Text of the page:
Something else became clear as well: At some point this run had become less about pandering to a kid, both in terms of the pace and conversation, and more like simply having another runner along.

“It feels like we’re running in a pack,” my sister said. “This is fun.”

And it was. As much as I’ve appreciated running with my sister the last six years, it felt good to have company along.

It also gave us a new appreciation for the beauty of the trail, seeing it through a newbie’s eyes. Madison said it reminded her of the Smoky Mountains, only without the hills, and I knew what she meant. On some level it was reminiscent of  our family hikes in Tennessee.

Though Ouabache doesn’t have any spectacular water falls or breathtaking mountain views – it’s pretty low in prestige when stacked up against even the other Indiana state parks – anytime you can run several miles through woods on a crisp autumn day, you tap into that natural beauty that people drive for hours to experience on a vacation.

Add the runner’s high to that nature fix, and you’ve got pure bliss.

It doesn’t last the whole run, just a few seconds at a time. But it was cool to remember how special trial running can be — and to help someone else experience it for the first time.

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What happened to Colleen’s blog posts?

Our youngest was 10 when she began writing a weekly post for this blog, ostensibly about being a chubby kid who loves sports and fitness but sometimes on other topics as well.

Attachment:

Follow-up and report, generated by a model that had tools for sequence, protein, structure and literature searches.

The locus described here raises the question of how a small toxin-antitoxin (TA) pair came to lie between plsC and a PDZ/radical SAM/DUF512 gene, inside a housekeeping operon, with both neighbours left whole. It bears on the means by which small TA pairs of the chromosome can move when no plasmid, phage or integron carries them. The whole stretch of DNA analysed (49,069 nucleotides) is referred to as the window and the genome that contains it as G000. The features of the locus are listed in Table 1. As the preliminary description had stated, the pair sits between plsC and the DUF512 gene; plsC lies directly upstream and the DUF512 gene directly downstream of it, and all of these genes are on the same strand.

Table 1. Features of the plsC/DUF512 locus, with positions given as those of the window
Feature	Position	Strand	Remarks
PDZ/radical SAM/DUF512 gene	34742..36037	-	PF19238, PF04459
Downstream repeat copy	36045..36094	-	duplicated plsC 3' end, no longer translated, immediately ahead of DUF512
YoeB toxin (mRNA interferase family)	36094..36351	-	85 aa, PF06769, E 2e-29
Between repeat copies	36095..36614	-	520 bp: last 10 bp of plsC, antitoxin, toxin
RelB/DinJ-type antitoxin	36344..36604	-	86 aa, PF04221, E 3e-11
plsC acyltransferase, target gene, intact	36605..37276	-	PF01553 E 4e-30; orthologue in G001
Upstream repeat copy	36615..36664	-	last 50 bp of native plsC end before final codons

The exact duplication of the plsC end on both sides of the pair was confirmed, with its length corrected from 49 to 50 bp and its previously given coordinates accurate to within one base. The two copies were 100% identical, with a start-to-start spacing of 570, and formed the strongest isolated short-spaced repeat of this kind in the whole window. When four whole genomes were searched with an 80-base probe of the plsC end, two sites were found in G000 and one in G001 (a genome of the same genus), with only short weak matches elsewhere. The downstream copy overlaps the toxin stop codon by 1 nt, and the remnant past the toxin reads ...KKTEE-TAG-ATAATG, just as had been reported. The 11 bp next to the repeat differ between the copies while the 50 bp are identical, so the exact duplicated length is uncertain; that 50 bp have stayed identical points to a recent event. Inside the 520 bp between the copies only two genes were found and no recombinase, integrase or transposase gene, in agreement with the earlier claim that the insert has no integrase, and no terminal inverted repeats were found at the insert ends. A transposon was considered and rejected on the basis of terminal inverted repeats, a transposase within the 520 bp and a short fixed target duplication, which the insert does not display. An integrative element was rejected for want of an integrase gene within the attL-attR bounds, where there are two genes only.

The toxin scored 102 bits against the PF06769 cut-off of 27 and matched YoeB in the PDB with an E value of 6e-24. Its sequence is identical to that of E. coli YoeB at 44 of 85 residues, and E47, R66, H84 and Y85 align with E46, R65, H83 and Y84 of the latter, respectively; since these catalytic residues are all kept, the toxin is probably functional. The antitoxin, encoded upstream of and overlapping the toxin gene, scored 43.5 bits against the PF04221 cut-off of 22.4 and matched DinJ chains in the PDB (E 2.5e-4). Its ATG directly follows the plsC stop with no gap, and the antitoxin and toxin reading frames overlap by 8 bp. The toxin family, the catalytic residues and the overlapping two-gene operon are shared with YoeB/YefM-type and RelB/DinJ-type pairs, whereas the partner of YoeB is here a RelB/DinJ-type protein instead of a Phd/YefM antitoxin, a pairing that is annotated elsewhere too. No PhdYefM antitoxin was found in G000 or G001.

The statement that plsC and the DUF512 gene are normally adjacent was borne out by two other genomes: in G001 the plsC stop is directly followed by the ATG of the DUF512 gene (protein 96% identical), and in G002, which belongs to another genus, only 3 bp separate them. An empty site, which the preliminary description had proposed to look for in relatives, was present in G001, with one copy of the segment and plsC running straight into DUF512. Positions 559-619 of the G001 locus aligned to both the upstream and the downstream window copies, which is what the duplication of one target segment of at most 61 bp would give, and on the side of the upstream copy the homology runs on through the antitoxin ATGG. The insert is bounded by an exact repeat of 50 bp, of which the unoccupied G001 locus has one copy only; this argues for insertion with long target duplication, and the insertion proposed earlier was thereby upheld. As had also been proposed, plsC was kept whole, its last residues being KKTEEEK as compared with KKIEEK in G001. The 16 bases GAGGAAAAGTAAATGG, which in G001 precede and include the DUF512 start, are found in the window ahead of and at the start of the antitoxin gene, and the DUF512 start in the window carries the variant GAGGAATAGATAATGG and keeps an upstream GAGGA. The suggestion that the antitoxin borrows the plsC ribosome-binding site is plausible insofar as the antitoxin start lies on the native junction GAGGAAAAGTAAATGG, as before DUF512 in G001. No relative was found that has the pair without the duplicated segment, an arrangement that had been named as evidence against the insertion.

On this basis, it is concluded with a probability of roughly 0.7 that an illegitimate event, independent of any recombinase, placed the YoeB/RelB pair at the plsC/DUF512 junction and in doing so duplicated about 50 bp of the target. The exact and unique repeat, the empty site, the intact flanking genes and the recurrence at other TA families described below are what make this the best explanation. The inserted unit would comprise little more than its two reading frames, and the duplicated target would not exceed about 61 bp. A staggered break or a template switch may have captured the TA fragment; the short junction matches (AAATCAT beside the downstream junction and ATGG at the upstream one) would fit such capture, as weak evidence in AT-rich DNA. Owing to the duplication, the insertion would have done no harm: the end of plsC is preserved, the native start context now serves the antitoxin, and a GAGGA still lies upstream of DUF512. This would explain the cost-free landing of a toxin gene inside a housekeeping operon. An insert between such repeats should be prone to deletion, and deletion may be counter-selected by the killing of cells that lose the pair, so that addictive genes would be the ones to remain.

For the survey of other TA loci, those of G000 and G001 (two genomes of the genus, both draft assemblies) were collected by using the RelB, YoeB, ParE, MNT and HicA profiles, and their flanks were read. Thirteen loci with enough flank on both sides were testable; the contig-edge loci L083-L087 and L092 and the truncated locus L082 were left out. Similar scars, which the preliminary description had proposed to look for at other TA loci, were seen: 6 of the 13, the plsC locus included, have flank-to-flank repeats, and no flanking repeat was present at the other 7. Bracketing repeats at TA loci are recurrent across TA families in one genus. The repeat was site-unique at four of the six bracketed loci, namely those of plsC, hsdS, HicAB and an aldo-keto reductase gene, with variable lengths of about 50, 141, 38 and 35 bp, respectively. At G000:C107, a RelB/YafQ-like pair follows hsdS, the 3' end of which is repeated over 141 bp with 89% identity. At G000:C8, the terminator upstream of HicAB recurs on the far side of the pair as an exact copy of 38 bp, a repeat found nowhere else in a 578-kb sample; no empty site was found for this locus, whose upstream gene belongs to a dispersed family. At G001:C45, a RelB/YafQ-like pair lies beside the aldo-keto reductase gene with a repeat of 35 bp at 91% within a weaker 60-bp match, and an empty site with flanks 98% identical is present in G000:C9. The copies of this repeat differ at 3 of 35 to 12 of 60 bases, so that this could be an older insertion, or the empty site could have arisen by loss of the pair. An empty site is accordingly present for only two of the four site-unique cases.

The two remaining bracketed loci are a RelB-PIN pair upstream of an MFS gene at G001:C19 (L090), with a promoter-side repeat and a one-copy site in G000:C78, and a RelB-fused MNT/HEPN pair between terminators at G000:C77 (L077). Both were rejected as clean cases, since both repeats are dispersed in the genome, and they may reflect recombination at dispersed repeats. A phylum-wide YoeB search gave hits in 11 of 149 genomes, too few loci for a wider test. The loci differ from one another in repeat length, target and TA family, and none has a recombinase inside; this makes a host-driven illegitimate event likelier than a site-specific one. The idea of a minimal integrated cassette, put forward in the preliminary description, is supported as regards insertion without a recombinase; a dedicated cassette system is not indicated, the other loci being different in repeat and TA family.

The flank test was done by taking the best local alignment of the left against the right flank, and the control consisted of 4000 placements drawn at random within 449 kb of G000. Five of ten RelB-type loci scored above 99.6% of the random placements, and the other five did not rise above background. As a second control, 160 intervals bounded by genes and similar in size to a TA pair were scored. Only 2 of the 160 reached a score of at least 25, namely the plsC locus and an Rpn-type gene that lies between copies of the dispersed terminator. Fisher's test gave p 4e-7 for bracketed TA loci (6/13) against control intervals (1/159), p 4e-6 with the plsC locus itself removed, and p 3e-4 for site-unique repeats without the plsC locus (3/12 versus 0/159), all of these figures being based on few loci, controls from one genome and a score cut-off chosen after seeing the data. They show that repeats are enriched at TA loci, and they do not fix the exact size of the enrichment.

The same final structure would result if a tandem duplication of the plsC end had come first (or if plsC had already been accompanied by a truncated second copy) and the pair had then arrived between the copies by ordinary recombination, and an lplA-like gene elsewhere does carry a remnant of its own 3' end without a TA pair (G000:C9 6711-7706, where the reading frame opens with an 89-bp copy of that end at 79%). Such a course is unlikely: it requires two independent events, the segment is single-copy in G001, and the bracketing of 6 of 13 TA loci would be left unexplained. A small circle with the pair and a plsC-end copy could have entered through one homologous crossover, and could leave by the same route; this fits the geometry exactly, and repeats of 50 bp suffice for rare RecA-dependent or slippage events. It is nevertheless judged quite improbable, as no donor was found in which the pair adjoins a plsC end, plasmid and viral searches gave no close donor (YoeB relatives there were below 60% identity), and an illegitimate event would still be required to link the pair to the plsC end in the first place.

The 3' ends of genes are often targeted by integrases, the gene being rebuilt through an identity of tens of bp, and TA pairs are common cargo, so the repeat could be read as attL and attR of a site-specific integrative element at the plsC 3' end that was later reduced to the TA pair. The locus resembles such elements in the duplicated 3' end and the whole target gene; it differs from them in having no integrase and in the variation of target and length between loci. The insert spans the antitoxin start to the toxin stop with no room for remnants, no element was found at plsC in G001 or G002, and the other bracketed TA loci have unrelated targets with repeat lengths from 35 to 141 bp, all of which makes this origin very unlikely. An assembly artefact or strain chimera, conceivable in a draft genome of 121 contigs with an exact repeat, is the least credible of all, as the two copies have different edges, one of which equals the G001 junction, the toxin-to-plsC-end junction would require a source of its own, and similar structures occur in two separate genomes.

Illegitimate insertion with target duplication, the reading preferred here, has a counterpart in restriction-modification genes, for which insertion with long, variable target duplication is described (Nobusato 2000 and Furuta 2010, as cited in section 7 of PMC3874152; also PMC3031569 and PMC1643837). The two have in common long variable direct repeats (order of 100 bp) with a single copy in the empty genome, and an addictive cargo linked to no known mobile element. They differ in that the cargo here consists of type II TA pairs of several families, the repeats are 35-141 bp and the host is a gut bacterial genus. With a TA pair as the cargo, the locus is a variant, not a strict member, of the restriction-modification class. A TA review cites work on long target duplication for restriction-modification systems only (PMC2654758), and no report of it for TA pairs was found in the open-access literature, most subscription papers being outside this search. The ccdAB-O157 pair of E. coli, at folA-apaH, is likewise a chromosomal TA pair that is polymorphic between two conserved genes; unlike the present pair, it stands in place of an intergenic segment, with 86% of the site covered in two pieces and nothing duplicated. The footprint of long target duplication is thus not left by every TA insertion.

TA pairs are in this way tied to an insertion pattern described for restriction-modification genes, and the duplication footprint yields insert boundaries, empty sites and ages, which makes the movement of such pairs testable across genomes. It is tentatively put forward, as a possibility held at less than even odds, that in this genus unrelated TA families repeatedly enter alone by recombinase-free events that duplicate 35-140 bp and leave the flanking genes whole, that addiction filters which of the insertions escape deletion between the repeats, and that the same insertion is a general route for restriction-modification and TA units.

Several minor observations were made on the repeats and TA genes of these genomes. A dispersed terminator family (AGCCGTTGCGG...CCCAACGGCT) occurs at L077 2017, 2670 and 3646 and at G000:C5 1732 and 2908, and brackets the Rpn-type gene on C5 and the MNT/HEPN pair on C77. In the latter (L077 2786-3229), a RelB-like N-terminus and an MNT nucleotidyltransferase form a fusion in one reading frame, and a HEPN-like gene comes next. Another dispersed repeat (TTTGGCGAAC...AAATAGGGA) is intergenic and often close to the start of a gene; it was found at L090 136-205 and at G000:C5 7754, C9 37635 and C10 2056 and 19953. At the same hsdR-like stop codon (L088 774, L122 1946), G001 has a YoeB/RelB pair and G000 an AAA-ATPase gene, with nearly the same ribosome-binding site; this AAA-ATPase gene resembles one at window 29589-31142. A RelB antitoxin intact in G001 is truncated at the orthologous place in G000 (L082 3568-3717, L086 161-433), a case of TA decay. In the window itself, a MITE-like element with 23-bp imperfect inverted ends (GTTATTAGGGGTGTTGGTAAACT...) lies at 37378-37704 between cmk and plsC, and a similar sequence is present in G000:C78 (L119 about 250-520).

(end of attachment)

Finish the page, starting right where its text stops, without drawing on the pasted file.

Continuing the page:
Colleen as a fourth-grader when she began writing her blog posts.

Colleen as a fourth-grader when she began writing her blog posts.

Neither of us ever dreamed she’d keep it up for 2 ½ years, but that’s how it worked out. Now that she’s a busy 13-year-old seventh-grader, it seems like it’s getting harder for her to make time to write blog posts. She may contribute a post here and there, but for now she’s taking a break.

In the meantime, here are some of her favorite posts to look back on:

“Size doesn’t matter” — June 28, 2013

“Iron Kid triathlon” — July 23, 2013

“My teacher the triathlete” — Sept. 27, 2013

As a sixth-grade cross country runner.

As a sixth-grade cross country runner.

“Crusader of the week!” — Oct. 3, 2014

“My first bike race!” — Sept. 18, 2015

“Tri the Creek” — Sept. 25, 2015

“My first day as a teenager” — Oct. 9, 2015

Making headlines as a determined kid triathlete.

Making headlines as a determined kid triathlete.

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Our family’s unofficial ‘diet guru’

In the unlikely event we manage to get everybody together in time to shoot a photo for my parent’s Christmas card this year — and in the astronomically less likely event someone managed to slide a giant scale under the assembled group of 23 — it would be interesting to see the difference in total weight since last year.

Even with a few still-growing kids in the mix, that number on the scale would be down for the year, primarily thanks to the efforts of a couple key family members, led by my sister-in-law Darcy.

I don’t know how much weight she’s lost, but it’s been inspiring to see the change. And the person who helped inspire her, as well as my mom, was the subject of this week’s “Adventures in Food and Fitness” column.